Almost three quarters (74%) of employer respondents believe their wellbeing programme is an important element of their employee value proposition, according to research by Xerox HR Services.Its Working well: a global survey of workforce wellbeing strategies report, which surveyed 428 organisations across 33 countries, also found that 52% of respondents feel that top-down leadership and strong support from leaders is critical to changing workplace culture.The research also found:92% of respondents believe local ambassadors play a key role in supporting a culture of wellbeing in their organisation.33% of respondents believe there is a strong culture of wellbeing in their organisation, and 83% of respondents aspire to have a strong culture of wellbeing in the future.92% of respondents offer retirement financial security and preparedness programmes, and 91% provide financial literacy and skills programmes.24% of respondents have implemented financial literacy and skills programmes in the past year, and 39% have had these programmes in place for the last two to five years.John Gentry (pictured), president at Xerox HR Services, said: “Healthy, productive employees are the lifeblood of [an organisation]. In the past, the thought that healthy workers meant productive workers was somewhat of a theory. Today with aggregate data and analytics, there is a much stronger case for return on investment.“Employers are championing a culture of wellbeing, but they also recognise that there are barriers to achieving it globally, such as differing cultures, laws and practices, and a current lack of global oversight for health or financial strategy.“That said, these issues appear to be less of a problem when it comes to global financial strategies, so employers are more likely to quickly get behind implementing global financial wellbeing programmes.”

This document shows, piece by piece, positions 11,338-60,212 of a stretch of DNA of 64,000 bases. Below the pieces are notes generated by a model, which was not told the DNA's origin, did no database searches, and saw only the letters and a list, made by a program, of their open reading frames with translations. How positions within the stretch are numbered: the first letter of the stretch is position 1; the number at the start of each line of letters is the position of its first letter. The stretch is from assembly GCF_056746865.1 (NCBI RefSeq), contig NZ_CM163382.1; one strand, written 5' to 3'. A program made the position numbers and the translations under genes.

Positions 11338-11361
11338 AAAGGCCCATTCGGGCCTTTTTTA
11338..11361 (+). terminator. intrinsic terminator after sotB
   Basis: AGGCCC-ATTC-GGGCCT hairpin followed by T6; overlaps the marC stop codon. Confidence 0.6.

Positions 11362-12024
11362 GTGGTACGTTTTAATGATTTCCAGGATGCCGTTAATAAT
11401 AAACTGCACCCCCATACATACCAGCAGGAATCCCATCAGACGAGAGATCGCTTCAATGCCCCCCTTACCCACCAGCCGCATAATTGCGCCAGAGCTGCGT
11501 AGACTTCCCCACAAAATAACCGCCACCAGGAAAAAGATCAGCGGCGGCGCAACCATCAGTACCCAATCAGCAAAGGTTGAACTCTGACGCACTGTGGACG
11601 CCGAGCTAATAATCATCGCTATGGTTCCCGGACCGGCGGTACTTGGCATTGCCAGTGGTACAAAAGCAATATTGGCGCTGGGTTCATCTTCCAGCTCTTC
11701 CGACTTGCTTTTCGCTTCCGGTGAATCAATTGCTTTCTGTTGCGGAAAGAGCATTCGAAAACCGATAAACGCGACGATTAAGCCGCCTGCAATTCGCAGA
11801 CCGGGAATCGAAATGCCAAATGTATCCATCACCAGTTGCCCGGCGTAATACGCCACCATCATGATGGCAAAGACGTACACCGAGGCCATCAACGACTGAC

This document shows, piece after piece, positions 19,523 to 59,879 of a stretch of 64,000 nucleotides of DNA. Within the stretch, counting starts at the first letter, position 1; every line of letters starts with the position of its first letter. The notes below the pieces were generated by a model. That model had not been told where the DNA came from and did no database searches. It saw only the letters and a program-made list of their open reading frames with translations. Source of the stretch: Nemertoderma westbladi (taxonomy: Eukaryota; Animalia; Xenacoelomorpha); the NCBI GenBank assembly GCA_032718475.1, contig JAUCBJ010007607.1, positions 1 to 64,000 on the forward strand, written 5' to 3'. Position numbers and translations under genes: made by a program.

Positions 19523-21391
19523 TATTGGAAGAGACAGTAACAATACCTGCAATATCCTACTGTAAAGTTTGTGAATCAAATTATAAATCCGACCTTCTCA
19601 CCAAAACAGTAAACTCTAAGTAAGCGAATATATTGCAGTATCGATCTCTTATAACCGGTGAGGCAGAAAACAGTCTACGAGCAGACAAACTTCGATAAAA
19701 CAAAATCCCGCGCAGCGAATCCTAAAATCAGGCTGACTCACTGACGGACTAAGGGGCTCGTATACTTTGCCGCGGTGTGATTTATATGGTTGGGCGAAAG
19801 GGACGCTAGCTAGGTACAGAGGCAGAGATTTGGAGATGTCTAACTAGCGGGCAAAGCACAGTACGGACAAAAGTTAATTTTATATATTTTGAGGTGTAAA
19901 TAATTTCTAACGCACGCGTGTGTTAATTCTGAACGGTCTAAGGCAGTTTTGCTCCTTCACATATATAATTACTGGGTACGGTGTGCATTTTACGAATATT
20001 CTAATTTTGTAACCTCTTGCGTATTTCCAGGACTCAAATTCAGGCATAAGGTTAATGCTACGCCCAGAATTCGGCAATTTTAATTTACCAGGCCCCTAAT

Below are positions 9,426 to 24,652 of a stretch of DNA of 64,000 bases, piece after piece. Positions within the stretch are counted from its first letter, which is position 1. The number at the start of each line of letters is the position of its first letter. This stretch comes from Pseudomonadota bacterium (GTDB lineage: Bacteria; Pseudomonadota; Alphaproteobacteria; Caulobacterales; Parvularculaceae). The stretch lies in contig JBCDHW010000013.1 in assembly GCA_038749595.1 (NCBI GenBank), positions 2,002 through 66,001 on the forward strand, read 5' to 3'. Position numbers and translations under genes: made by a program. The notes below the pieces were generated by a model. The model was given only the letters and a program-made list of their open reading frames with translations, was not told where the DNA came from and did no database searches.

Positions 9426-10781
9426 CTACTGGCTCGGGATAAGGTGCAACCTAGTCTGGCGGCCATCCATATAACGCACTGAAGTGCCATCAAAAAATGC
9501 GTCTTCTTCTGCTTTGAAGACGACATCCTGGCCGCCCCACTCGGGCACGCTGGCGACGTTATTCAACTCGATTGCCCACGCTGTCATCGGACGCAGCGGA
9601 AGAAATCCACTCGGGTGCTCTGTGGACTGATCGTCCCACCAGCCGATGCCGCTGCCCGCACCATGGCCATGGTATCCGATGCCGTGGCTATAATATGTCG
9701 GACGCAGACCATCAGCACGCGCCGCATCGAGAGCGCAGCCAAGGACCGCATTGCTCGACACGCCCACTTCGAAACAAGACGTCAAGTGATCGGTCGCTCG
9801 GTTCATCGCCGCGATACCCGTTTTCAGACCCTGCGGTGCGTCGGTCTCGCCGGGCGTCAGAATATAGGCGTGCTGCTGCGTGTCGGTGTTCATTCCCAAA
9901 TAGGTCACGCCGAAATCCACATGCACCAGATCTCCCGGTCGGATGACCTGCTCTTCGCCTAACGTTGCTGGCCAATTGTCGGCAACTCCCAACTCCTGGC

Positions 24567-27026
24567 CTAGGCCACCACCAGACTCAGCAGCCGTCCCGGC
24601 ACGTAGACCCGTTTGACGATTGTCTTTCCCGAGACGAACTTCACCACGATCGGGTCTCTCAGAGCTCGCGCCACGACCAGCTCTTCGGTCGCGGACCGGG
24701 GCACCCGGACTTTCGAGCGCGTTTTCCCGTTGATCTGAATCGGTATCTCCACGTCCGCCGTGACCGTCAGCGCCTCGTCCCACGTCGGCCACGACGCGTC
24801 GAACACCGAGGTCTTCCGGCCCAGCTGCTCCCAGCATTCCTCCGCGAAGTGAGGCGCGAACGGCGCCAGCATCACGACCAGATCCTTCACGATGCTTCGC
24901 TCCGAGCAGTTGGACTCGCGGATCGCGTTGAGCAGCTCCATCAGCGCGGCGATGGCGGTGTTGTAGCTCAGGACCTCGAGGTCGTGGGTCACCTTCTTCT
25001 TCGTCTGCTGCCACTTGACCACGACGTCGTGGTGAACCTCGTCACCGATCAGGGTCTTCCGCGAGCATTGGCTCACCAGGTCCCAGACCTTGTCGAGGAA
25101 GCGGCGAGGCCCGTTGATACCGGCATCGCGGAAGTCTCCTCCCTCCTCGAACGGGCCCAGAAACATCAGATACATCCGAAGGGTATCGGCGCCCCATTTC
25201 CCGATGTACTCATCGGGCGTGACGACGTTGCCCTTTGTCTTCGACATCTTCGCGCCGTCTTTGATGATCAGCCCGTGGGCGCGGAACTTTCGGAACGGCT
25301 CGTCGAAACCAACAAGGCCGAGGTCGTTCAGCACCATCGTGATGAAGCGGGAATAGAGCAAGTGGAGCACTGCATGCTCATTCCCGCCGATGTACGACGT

Apple’s launches have a lot of valuable insights to impart onto observant companies. But you must be willing to take a deeper look at their rollouts and get to the heart of their motivations. There’s nothing cryptic about how Apple operates – their marketing strategy is plainly visible. It’s just a matter of understanding the why versus the what. When they adapt parts and ideas from other product lines, why do they do it? As with the iPhone and iPad, the Mac will receive some similar touches from the other product lines. Other companies can stand to realize that there should be a pipeline traveling throughout the operation, allowing you to tap into whichever spout you choose.For product launches, there is usually a stone that’s best left unturned. You will invariably need to hold your position on a certain issue. With Apple, it was the Mac Book Air’s keyboard. Nobody – not the customer nor Apple – wanted to see a shrunken down keyboard. And luckily, Apple didn’t cross that line.A product launch is really only as good as the products being presented. And that is precisely where a company’s focus should be. Read the full article by E. B. Boyd for more information on this topic.AddThis Sharing ButtonsShare to FacebookFacebookShare to TwitterTwitterShare to PrintPrintShare to EmailEmailShare to MoreAddThis